By Matt Zollo
The 2011 motorcycle grand prix season may not be remembered as one of the greatest, certainly not as far as MotoGP is concerned, but it will go down as one of the most accident-packed: There were 894 crashes in all classes during the 2011 season, the highest number since records began in 1997.
Falls per Year (all classes)
Season Total Falls
It would be easy to lay blame on the introduction of bike-packed Moto2 grids, or the high corner speeds of 800cc MotoGP bikes, or the tricky warming-up procedure of Bridgestone's control tyre for the high 2011 figure. But analysing the data doesn't indicate that any one factor specifically is to blame.
For instance, the second highest number of falls recorded over a season, at 876, was in 2008, two years before Moto2 bikes were swamping grids, and before the control tyre was introduced – although it was the year of Michelin's disastrous campaign, which may go some way to explaining it. Similarly, during the first year of 800s, in 2007, only 672 falls were amassed; lower than the 2003/4/5 990cc seasons.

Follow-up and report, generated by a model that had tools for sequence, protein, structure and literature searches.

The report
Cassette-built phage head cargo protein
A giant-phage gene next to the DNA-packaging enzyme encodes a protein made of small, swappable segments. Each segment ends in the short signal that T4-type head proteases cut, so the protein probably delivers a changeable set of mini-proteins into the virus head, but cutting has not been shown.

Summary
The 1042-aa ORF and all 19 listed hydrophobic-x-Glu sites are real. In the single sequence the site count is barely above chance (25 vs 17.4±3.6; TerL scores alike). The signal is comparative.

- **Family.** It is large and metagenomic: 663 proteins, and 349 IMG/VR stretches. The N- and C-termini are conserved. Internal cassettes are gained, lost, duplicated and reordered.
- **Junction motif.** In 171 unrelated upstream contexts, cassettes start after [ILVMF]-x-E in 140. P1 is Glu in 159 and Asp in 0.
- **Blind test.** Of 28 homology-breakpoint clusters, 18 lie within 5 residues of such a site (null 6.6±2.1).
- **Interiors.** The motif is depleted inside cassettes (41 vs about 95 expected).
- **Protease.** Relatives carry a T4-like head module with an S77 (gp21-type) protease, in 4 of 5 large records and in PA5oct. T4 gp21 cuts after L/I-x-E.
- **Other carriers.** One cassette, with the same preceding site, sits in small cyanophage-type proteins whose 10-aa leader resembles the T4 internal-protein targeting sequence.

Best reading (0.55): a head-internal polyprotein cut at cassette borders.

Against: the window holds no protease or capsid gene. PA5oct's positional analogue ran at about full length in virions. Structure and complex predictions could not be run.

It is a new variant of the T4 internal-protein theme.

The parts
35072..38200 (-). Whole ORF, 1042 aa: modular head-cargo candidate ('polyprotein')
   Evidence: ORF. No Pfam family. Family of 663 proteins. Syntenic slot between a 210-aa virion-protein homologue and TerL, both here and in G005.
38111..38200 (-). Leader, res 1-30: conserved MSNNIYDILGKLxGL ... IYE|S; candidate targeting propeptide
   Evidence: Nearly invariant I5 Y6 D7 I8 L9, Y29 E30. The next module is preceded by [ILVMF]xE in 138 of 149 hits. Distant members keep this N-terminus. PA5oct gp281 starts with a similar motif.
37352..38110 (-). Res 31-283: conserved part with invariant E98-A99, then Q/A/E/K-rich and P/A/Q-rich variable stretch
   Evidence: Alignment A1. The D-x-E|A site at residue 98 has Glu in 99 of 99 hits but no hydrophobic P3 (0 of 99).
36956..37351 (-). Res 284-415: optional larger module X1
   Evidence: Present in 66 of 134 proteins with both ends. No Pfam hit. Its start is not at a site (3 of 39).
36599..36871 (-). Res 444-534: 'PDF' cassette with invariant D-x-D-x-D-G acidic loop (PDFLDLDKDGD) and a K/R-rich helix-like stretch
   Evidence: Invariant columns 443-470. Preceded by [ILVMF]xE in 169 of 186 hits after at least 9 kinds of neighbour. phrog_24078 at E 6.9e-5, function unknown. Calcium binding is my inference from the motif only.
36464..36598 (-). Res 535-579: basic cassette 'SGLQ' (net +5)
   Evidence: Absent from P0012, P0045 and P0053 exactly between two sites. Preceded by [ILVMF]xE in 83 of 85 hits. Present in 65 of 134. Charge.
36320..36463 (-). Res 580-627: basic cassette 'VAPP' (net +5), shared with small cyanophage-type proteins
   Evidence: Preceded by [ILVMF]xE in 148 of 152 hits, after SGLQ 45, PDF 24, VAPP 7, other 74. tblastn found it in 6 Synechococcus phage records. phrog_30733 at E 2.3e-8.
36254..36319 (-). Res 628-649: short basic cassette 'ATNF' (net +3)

More likely, the high 2011 figure is a combination of all three factors mentioned, along with what seemed to be an unusually high number of meetings with rainfall.
It must also be noted that until 2004 there were only 16 races per season, but 17 and then 18 per season thereafter (though 125cc and 250cc/Moto2 classes have never visited Laguna).
Falls per Category
No surprise to see Moto2 with the highest number, and MotoGP the lowest. This might partly be down to the differing experience levels of the grids, but in the main it is simply a result of the size of them: there were more than twice the number of Moto2 bikes than MotoGP bikes in 2011.
Falls per Rider
Calculating the average number of falls per rider in each class (based on the number of riders on each championship's 2011 entry list) gives a fairer picture.
Over the whole 2011 season, a Moto2 rider suffered on average only two more falls than a MotoGP rider (who admittedly did compete at one extra round).
It is interesting to note, then, that although still influential, large grid sizes and large speed differentials (often a handful of the slowest Moto2 riders post fastest laps some three or more seconds slower than the fastest riders) perhaps don't have quite as large an impact as feared.